death penalty news—–TEXAS

Oct. 28


Exonerated inmates protest Texas death penalty system

3 exonerated former death row inmates showed up at the State Capitol
Tuesday to protest the Texas death penalty system.

They presented a petition of about 6,000 names to Gov. Rick Perry's office
to urge the governor to acknowledge the possible innocence of Cameron Todd

Willingham was executed in 2004 for starting a fire in 1991 that killed
his 3 children. Arson experts have reviewed the case, concluding the arson
finding was scientifically unsupported.

Perry, however, has dismissed those findings, and has recently gained
criticism for his move to replace board members on state commission
overseeing a review of the case.

The first act of Perry's newly appointed Texas Forensic Science Commission
chairman was to cancel the meeting to review a more recent analysis by a
national arson expert, who also concluded the arson ruling was made under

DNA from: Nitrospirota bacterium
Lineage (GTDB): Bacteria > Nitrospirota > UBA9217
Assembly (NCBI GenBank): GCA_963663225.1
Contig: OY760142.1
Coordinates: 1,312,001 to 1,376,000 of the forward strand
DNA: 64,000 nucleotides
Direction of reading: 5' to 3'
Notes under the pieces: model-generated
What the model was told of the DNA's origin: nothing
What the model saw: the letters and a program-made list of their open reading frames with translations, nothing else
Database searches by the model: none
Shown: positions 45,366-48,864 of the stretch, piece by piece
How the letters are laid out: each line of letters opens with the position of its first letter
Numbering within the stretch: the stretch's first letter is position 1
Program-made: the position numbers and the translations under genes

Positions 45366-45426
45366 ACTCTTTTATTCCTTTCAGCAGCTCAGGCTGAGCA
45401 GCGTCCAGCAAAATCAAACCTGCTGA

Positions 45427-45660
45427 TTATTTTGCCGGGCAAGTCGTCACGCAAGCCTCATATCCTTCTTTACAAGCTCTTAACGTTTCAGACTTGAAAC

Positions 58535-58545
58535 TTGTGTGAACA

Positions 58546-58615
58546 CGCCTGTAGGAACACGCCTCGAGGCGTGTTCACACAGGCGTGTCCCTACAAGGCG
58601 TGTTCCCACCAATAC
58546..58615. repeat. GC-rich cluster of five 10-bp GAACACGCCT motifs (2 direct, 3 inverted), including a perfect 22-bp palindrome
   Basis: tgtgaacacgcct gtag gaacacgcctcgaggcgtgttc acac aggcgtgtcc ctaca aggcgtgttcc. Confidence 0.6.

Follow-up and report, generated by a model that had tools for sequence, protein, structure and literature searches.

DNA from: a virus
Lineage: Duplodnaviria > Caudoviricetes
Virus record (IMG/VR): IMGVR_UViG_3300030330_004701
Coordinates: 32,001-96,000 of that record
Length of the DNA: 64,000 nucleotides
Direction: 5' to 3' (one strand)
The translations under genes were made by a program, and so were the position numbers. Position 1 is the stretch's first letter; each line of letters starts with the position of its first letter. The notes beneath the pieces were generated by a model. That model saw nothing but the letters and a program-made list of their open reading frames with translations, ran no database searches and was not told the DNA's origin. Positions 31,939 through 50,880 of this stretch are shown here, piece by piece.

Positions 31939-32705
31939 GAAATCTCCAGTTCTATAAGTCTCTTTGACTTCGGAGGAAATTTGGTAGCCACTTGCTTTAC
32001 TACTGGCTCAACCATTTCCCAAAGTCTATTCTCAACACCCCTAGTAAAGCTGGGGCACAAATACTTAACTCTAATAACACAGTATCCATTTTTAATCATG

false grounds.

Those petitioning at the Capitol said they want Perry to suspend all
executions and appoint a balanced and independent commission to examine
the Texas death penalty system.

"Most of the people that deal with the death penalty, the anti-death
penalty movement, they say Texas is a lost cause and there's no need to
come here, so I'm here today to try to help the people of Texas to make
them feel a better attitude about what they're doing, because people are
dying in this state human beings that could be saved," exonerated death
row inmate Shujaa Graham said.

The petition was held to coincide with the execution of Reginald Blanton.

The 28-year-old Blanton was put to death Tuesday evening for a slaying
more than 9 years ago.

Blanton's lawyers went to the U.S. Supreme Court to try to halt the